The PTA, one of the most venerable American volunteer-based nonprofits, has seen its membership decline. At its peak in the 1960s it claimed about 12 million members, but today that number is under 5 million.
Demography is part of the reason, as many single parents and working mothers find it hard to spare extra time for engagement at their children's schools. But other factors behind the shrinkage include frustration with having to pay state and national PTA dues, and disenchantment with the PTA's role as a vocal advocate on such issues as charter schools, juvenile justice and home-schooling.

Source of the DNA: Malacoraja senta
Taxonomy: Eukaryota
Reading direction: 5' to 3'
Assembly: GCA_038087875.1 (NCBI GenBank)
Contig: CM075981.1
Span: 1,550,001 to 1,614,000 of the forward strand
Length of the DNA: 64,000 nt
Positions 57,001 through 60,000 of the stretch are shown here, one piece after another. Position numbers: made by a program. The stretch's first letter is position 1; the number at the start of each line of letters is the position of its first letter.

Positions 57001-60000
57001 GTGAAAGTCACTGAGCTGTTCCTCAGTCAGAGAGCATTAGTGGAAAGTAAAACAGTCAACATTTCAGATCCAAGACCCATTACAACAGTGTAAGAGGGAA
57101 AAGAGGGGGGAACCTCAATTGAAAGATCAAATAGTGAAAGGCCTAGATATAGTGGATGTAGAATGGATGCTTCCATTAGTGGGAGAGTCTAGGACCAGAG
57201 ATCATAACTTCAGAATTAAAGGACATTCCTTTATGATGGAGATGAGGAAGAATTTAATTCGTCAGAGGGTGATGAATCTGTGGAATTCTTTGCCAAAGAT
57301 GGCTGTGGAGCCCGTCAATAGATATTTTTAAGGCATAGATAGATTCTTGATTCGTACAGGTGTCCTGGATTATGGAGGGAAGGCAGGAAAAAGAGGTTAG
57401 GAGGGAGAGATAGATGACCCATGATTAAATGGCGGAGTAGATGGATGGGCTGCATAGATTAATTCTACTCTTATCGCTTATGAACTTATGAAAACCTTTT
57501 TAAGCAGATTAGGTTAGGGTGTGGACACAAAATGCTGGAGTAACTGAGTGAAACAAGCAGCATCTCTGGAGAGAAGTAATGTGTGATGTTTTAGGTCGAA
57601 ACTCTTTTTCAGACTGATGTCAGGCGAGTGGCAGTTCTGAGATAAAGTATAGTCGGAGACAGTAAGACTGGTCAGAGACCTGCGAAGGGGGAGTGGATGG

"We're still strong, but it is a concern," president Betsy Landers said. PTA has a number of initiatives, including expanded use of social media, to address the membership decline, she said.